Volume 92, Issue 3

Friday, May 29, 1998

big business


Eastward ho!

You have to hand it to Preston Manning and his diligent Reform Party as they pull into London this weekend for their national convention. While the party may claim to be a focused alternative to brokerage politics, Manning has always been a calculated strategist and bringing his entourage to London for the next few days could be one of the party's most brilliant strategies to date.

Not that Londoners should complain. The three-day conference, which started yesterday at the London Convention Centre, will attract upwards of 2,000 visitors to the city. The various delegates, supporters and media will be eating our food, drinking our beer (warning: avoid Ceep's house draft) and utilizing our lodging services. This kind of national exposure will be a wonderful boost to the local economy, not to mention the long term benefits for Tourism London.

But don't let Manning's cracking, pre-pubescent voice fool you – Reform is here on business. After forming as a Western protest party, Reform has been gently sending their message east, offering Ontarian's a "sugar coated" version of their platform. While the results have been moderate, Reform is left with a major issue of contention, Toronto.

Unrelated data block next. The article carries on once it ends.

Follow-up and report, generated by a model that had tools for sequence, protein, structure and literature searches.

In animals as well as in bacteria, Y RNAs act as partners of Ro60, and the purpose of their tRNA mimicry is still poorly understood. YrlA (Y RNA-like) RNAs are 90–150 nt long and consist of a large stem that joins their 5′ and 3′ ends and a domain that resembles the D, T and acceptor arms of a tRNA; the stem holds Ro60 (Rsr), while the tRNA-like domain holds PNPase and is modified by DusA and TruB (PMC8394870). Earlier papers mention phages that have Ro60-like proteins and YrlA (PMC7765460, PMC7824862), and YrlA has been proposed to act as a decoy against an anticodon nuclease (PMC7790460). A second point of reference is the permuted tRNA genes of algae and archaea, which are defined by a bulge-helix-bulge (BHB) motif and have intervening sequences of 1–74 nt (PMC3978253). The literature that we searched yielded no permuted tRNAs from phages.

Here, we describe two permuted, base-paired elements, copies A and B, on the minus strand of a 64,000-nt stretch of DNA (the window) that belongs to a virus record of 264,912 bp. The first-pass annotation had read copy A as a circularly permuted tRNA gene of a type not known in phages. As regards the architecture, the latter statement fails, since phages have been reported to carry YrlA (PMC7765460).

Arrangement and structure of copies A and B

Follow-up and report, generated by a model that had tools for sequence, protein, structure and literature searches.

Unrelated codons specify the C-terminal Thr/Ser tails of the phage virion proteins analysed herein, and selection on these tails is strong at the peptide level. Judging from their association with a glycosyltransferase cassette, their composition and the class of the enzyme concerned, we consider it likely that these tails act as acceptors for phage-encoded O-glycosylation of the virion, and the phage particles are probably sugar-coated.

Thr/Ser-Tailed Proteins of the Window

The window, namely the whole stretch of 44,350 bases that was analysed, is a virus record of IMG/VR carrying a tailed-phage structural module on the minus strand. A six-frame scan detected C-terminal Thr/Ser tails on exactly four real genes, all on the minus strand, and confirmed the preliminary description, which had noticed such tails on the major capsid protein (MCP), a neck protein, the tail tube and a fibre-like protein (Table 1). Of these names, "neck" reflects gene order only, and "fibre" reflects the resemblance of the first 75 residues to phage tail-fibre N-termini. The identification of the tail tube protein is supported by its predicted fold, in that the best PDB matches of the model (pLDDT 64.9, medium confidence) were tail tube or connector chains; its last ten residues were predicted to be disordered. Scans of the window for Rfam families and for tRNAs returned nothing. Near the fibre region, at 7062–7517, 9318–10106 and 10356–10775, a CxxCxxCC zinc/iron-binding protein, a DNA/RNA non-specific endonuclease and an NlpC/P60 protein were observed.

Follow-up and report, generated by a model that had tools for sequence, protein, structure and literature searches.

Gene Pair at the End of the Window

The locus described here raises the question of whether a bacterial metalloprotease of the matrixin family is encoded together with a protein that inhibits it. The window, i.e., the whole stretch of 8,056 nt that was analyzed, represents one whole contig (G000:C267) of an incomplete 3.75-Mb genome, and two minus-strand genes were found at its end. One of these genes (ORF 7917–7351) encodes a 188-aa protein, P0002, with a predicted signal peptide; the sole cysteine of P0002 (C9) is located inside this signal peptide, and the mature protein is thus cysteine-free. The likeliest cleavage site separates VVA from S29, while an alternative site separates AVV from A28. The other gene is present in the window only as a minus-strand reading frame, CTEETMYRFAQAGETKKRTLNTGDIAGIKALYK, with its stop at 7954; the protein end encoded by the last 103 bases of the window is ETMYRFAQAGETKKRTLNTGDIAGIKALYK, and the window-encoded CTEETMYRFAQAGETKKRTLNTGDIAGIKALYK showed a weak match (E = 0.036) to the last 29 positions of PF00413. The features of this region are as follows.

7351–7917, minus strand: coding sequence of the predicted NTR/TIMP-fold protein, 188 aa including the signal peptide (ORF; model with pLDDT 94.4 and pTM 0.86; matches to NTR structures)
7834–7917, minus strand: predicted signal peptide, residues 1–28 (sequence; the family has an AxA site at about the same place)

Canada's largest financial centre has been spoon-fed by Ottawa for years and this has often been at the expense of the West. While one can understand Reform's frustration, should Canada really focus all its resources in Calgary?

So what better place to send an Ontario message than from conservative London. This is a city where their right-wing message will likely find an audience.

Herein lies the paradox. Reform looks to want to implement their policies so that Western capitalists can thrive, all at the cost of Canada's social services. But they can only do this with Ontario's influential vote.

While you can't blame Reform for wanting to expand its support base, one has to wonder just what this sort of policy agenda is going to do for them. If the party is still a Western protest vote, then appeasing Ontarians is only going to alienate their core support. If they maintain their desire to "re-balance federal-provincial powers" they are unlikely to win a vote east of Manitoba. After all, this "re-balance" involves taking power from Ontario (even Quebec) and sending it westward.

Manning's "strategy" seems to involve a toning down of the issues in order to make them a little easier for Ontario to digest. While this is classic patronage, it seems that all Reform's selling is one big contradiction which looks and sounds a lot like a ticking time bomb.

Be wary of Preston Manning, London. He wants your vote and he'll come right to your front door to get it.

To Contact The Editorial Department: gazette.editor@julian.uwo.ca

Copyright The Gazette 1998